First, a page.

## 314 – C+C=[0,2]

Recall that the Cantor set $C$ is defined as the intersection $\bigcap_n C_n$ where $C_0=[0,1]$

and $C_{n+1}$ is obtained by removing from each closed interval that makes up $C_n$ its open middle third, so $C_1=[0,1/3]\cup[2/3,1]$, $C_2=[0,1/9]\cup[2/9,1/3]\cup[2/3,7/9]\cup[8/9,1]$,

etc. Each $C_n$ is the union of $2^n$ closed intervals, each of length $1/3^n$.

Let’s prove that $C+C=\{x+y\mid x,y\in C\}$ is the interval ${}[0,2]$. (Cf. Abbott, Understanding analysis, Exercise 3.3.6.)

1.

The usual proof consists in showing inductively that $C_n+C_n=[0,2]$ for all $n$. This is easy: Note first that $\displaystyle C_{n+1}=\frac13 C_n+\left(\frac13C_n+\frac23\right)$,

where $\displaystyle \frac13C_n=\left\{\frac x3\mid x\in C_n\right\}$

and $\displaystyle\frac13 C_n+\frac23=\left\{\frac{x+2}3\mid x\in C_n\right\}$.

This equality is verified by induction. Using this, we can use induction again to verify that, indeed, $C_n+C_n=[0,2]$ for all $n$.

We clearly have that $C+C\subseteq \bigcap_n C_n+C_n=[0,2]$. To prove the converse, for each $z\in[0,2]$ and each $n$, pick $x_n,y_n\in C_n$ such that $x_n+y_n=z_n$. The sequence of $x_n$ is bounded, so it has a convergent subsequence $x_{n_k}$. The corresponding subsequence $y_{n_k}$ has itself a convergent subsequence $y_{n_{k_m}}$. One argues that their limit values $x,y$ belong to $C$, because they belong to each $C_n$, since these sets are nested and closed. Finally, it follows immediately that $x+y=z$ as well.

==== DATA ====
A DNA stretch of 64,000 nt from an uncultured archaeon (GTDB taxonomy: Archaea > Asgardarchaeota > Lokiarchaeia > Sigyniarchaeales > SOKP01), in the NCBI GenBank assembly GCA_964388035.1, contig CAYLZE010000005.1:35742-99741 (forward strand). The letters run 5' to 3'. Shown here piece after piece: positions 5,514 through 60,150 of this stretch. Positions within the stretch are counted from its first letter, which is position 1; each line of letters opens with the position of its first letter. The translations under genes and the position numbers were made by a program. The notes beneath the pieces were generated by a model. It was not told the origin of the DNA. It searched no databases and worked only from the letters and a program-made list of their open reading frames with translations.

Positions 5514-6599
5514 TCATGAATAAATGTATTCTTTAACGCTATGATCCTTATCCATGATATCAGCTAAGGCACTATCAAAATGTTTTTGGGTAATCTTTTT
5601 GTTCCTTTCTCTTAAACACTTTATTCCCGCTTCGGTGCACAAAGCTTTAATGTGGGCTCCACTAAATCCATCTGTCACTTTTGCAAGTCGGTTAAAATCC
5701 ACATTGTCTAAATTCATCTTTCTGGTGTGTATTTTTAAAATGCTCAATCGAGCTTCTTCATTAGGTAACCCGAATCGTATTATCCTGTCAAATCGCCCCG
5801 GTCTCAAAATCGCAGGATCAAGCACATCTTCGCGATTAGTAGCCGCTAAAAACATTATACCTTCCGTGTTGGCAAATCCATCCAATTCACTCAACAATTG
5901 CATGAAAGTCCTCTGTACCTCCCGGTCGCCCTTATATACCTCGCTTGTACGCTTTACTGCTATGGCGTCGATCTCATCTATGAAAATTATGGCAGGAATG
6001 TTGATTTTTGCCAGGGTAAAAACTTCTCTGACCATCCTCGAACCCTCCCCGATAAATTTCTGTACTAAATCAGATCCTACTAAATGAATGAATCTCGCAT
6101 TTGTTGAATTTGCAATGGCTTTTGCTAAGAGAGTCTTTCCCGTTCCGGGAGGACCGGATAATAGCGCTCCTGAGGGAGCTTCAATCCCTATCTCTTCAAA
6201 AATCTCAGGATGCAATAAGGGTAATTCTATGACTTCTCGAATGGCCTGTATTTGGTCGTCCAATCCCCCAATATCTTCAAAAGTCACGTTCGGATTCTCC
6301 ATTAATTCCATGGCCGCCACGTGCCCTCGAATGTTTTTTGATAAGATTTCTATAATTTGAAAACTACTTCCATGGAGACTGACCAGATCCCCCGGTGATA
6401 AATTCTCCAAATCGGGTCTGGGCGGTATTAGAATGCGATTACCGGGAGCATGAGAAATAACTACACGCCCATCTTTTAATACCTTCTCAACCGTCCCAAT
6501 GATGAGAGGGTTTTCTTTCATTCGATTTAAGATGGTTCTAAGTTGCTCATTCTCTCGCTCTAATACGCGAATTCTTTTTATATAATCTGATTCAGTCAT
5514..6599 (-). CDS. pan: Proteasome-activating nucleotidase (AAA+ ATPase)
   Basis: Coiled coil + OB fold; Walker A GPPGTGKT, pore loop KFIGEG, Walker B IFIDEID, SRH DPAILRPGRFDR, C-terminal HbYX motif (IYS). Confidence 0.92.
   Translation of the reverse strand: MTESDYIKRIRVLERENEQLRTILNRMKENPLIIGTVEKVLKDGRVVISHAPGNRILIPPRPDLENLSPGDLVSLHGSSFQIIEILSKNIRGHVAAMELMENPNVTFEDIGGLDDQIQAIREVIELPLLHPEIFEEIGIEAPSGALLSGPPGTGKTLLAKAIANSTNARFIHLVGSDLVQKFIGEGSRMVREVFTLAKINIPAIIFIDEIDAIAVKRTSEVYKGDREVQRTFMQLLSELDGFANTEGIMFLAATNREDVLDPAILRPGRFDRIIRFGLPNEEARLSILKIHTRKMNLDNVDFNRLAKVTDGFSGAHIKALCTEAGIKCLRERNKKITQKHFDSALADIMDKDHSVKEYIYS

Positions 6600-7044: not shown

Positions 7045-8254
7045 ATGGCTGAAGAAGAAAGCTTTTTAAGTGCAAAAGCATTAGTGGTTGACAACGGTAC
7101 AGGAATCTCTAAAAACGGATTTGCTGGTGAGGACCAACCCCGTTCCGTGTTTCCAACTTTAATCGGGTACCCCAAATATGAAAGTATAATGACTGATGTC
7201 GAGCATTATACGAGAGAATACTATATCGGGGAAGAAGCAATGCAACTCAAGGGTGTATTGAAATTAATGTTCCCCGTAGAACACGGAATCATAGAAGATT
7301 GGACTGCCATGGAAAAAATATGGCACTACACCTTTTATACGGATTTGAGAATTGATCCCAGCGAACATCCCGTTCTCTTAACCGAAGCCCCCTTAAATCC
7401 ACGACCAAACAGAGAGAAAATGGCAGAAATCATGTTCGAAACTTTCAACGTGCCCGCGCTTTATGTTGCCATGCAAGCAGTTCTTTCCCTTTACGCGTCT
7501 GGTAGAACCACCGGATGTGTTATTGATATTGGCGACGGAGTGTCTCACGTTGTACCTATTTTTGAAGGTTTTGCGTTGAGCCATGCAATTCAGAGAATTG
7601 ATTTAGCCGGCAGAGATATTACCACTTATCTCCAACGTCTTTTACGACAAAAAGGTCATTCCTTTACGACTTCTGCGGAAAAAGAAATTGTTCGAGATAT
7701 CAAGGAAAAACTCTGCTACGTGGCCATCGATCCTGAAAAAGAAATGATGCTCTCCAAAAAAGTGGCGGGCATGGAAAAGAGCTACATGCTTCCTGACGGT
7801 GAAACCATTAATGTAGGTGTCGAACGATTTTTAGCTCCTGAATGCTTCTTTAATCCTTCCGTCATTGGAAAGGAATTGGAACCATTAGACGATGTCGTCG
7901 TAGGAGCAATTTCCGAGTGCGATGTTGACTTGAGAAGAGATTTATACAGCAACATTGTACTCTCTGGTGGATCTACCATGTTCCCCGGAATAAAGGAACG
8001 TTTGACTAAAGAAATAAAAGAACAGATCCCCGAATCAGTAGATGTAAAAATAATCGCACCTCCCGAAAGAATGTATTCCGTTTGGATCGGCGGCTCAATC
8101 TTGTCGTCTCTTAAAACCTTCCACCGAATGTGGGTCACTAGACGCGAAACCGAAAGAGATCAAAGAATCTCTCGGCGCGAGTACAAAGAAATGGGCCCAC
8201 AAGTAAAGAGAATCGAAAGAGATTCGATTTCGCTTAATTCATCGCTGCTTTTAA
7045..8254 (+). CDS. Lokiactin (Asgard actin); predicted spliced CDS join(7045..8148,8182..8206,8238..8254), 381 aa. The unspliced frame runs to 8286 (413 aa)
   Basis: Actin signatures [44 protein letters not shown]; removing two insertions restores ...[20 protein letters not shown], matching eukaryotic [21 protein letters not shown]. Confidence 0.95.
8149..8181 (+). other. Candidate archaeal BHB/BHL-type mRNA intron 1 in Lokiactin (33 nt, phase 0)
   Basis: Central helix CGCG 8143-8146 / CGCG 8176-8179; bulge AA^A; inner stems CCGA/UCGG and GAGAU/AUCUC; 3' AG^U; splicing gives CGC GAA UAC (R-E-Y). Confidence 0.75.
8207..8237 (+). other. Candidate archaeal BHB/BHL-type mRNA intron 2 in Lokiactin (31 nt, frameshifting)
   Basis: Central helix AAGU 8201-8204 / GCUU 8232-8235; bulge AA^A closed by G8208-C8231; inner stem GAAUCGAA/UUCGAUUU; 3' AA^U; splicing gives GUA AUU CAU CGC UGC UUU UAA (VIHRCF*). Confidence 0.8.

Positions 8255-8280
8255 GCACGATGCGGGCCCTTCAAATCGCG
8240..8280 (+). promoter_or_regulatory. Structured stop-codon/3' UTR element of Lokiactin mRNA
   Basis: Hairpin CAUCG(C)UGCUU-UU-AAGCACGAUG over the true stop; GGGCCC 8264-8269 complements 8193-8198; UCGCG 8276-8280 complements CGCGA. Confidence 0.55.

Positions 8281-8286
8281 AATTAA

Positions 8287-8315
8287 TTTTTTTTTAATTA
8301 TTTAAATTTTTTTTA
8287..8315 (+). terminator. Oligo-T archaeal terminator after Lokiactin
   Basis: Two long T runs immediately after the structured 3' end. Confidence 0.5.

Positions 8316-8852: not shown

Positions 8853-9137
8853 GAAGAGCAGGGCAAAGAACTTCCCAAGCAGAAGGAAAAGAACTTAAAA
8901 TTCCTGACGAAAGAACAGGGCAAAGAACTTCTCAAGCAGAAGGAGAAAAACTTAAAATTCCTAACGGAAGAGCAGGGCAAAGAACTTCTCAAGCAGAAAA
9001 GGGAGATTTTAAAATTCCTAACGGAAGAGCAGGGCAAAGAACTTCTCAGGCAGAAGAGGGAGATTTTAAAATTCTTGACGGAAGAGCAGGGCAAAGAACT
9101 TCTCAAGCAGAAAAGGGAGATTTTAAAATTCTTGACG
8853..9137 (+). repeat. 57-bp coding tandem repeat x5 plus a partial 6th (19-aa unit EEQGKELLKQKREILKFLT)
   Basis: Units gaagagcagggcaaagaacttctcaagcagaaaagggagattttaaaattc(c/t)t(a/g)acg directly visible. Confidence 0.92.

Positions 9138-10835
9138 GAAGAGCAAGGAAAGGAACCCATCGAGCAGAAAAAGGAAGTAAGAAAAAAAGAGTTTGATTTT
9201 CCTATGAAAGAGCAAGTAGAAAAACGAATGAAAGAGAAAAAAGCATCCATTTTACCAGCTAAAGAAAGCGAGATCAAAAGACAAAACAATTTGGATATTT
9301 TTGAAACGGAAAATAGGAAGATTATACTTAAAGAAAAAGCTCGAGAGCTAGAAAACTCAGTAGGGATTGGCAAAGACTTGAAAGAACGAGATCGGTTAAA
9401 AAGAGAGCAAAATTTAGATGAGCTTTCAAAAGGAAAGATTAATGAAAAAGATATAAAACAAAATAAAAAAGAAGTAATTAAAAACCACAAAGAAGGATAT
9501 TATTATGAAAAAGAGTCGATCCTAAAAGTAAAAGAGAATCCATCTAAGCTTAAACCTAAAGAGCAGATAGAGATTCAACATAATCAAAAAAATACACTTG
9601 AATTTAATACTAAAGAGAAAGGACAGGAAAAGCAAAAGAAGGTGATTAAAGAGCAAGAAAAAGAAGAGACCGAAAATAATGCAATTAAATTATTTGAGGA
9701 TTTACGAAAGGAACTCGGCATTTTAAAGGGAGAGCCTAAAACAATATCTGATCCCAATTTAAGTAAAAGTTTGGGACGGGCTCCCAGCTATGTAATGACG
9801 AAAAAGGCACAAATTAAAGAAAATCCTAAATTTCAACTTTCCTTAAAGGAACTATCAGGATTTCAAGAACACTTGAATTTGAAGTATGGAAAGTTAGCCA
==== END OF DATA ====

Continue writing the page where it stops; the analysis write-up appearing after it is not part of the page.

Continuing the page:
2.

A very elegant different argument is obtained by using an alternative characterization of $C$: Note that each $x\in[0,1]$ can be written in base three as $\displaystyle x=0.x_1x_2x_3\dots=\sum_{n=1}^\infty\frac {x_n}{3^n}$

where each $x_i$ is $0$, $1$, or $2$. By induction, one easily verifies that $x\in C_n$ iff it admits such an expansion with $x_n\ne1$. It follows that $x\in C$ iff it admits an expansion where no $x_i$ is $1$.

Given $z\in[0,2]$, we have $z/2\in[0,1]$, so we can write $z/2=a+b$ where the ternary expansion of $a$ has only $0$s and $2$s (so $a\in C$), and the expansion of $b$ has only $0$s and $1$s: If $z/2=0.t_1t_2\dots$,

we can set $a=0.a_1a_2\dots$ where $a_i=0$ unless $t_i=2$, in which case $a_i=2$ as well, and similarly $b=0.b_1b_2\dots$ where $b_i=0$ unless $t_i=1$, in which case $b_i=1$ as well.

We then have that $z=2(a+b)=(a+2b)+a$, and both $a+2b$ and $a$ are in $C$.

This construction has the further advantage of making clear that the typical $z$ admits continuum many ( $=|\mathbb R|$) representations as sum of two members of $C$: If we can split $b=c+d$ (where the expansions of $c,d$ only have $0$s and $1$s), we can set $z=(a+2c)+(a+2d)$.

This gives us as many representations as subsets of $\{n\in\mathbb N\mid b_n=1\}$.

3.

The related problem of describing $C\cdot C$ appears to be much more complicated. See here and here.

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